When my son was in infant school, I was often told by his teachers that, “He doesn’t behave like that here…”
Oh really? I would think, furious at the implication that he was only autistic at home, or that I either couldn’t control my child or was making it all up.
Of course I understood that you would want to tell me how well my child is doing in your environment, how settled and happy he was there. How they follow the routines of the day well, are confident and seem happy. Well, he smiles all day so he must be… right?
But I also know that when you apply discipline to my child, it is in a very specific way that cannot be translated to how he lives at home.
‘We don’t behave like that at school’, or We don’t spit at school’ and another was Year Two boys don’t behave like that”
But my son can’t take environment-specific learning and apply it to another situation, such as at home. His ability to generalise his learning is significantly impaired.
I know you are well intended, I really do!
Don’t get me wrong, I am happy to hear of his successes at school or club or wherever he has been for a few hours. I’m really happy that my child can go into another environment and often hold it together and look like he is complying.
But what for me is so hard to bear is when it seems to be delivered with a slightly pitying tone in your voice, or a slight change in your body language. It might be almost indiscernible to most, but I notice, and I know what it means because I have seen it so many times before. I then feel that my parenting just isn’t good enough. That hurts, it hurts a lot.
I know you probably don’t intend this, haven’t even considered this might be the result, but that’s because you haven’t walked in my shoes.
You are possibly only trying to convey information and are even looking for me to congratulate you on a job well done. And while I am less defensive than I used to be, there is still work to be done and I need to be learn to be less sensitive to nuance.
But this is my little boy, to whom I gave birth, nurtured, watched grow and day by day began to realise that he was not the same as his peers. I have wondered every one of those days… is this my fault?
I already feel bad and I’m tired. Sleep is a luxury in our house most of the time, and even when I do get to lie down, I find myself wondering what I could have done differently that would have helped. ‘What did I miss?’
So, when we meet, how can you make me feel welcome and part of the team – Team MY son?
It’s easy…Strap on my Jimmy Choos (Okay, my trainers) and walk this way...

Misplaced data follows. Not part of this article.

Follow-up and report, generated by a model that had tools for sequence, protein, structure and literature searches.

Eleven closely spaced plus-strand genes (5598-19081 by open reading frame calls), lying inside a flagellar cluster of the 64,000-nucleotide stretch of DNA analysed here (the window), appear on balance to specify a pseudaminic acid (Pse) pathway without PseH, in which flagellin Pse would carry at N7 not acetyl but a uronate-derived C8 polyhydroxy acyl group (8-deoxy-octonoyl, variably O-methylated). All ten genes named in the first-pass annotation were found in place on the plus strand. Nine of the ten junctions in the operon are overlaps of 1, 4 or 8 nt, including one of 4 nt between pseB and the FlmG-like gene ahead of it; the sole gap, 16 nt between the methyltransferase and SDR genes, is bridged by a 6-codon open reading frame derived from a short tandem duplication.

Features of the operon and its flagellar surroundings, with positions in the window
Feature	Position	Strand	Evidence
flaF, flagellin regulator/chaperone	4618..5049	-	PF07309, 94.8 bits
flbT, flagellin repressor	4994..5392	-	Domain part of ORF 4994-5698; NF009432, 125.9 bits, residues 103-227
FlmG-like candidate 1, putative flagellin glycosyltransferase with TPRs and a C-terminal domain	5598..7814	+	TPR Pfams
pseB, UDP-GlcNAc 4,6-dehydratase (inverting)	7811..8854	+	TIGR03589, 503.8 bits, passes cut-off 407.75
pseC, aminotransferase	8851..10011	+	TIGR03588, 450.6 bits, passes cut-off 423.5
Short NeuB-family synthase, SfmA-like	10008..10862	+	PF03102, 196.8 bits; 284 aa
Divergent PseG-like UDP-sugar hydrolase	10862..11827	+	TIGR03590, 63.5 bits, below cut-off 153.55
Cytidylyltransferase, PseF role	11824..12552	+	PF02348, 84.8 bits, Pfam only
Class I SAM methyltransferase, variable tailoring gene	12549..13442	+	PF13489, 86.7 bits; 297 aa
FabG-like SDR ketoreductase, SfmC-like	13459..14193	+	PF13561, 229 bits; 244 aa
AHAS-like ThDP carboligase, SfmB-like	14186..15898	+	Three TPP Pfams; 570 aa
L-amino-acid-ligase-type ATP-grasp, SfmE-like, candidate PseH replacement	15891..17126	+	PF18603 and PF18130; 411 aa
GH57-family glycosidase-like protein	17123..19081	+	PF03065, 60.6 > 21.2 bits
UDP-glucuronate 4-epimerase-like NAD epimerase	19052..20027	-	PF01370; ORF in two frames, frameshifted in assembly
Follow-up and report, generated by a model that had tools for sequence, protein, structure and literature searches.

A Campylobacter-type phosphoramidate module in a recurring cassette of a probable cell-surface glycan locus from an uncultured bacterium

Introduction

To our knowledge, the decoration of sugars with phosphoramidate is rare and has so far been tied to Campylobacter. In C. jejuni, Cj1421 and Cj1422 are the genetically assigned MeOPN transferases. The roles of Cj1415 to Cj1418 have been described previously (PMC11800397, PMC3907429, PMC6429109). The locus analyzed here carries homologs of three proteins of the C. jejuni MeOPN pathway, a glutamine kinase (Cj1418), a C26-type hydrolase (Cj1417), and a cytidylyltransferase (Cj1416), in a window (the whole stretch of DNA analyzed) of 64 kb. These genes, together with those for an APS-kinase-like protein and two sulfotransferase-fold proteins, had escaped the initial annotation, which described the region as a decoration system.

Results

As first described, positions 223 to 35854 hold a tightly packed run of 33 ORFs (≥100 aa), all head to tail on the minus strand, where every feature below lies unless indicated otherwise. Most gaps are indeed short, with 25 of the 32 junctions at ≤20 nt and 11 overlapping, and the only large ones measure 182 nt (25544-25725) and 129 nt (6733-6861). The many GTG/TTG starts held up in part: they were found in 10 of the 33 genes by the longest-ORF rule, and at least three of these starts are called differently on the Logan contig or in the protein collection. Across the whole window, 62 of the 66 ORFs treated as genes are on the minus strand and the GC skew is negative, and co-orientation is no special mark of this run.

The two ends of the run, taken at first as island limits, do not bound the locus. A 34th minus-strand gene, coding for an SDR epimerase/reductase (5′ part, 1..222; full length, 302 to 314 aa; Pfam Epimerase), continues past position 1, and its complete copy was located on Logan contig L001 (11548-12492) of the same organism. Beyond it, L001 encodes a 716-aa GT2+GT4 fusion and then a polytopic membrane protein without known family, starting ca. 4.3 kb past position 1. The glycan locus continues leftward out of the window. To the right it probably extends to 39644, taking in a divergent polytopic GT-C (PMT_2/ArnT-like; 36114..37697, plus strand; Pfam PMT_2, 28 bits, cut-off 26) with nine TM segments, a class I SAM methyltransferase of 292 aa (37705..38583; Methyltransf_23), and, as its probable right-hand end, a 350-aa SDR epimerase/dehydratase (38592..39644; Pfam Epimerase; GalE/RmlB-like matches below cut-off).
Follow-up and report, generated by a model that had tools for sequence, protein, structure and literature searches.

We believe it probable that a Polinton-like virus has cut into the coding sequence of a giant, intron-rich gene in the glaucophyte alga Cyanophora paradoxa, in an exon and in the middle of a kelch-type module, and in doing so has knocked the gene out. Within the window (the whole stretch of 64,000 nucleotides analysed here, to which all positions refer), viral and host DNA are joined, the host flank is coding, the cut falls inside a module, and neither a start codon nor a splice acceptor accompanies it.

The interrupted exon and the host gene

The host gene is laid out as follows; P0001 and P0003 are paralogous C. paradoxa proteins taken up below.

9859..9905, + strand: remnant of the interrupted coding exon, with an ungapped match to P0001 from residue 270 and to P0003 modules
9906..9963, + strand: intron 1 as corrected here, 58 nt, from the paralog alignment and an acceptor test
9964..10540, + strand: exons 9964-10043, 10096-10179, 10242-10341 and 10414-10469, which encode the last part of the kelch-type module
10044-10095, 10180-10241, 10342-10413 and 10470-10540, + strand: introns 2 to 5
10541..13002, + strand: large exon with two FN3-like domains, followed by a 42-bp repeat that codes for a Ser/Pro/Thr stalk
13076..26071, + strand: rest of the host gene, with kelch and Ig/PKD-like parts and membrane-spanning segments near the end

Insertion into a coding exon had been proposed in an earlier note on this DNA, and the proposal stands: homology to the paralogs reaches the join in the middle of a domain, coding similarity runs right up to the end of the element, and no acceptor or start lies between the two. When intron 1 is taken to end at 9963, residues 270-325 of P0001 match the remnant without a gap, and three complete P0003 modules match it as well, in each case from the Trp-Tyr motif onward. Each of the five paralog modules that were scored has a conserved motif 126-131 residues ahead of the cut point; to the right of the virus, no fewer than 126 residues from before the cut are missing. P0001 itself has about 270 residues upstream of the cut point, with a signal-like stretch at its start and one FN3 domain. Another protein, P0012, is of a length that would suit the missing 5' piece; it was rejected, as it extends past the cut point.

Think of what I have said and imagine that was you. Really imagine.
And then think about how you would like a teacher to greet you and talk to you about your child. Empathise. Perhaps try, “That must be really difficult.” Or “I’m sorry to hear that.” Or, best of all, “Let’s work together so we can try to make life a bit better?”
Preconceived ideas of what works for children with autism, or focusing on just one potential solution aren’t the way forward unless you are thinking of my son as an individual and not as a problem that you need to solve.
However, offering a range of ideas, something like ‘That sounds tough, how can we can support you?’ or understanding that sometimes we don’t need anything more than to be heard. I know you’re not my therapist but if we are to work together, understanding our experience is a great start.
I once suggested a buddy scheme for the SEN class my son was in with parents of children in an older year group offering support for children entering the school, such as a coffee afternoon or similar, but this was not carried forward. I thought of this because I had walked in the other parents’ shoes and I knew what it felt like to feel alone and not know where to turn for support or advice. What I had learned in those two years since had been invaluable but had taken a lot of time and effort and heartache and I could have shared my knowledge to save a new parent going through the same thing.
Giving the idea a go would have shown that the school understood the issues faced by new parents and wanted to help overcome them.
So, please, walk in my shoes so that we can step forward together to help my son be the best that he can be.
Have you developed a good working relationship with a teacher or, if you're a teacher, with a parent? Share your knowledge and ideas in the comments so we can spread what you know works well.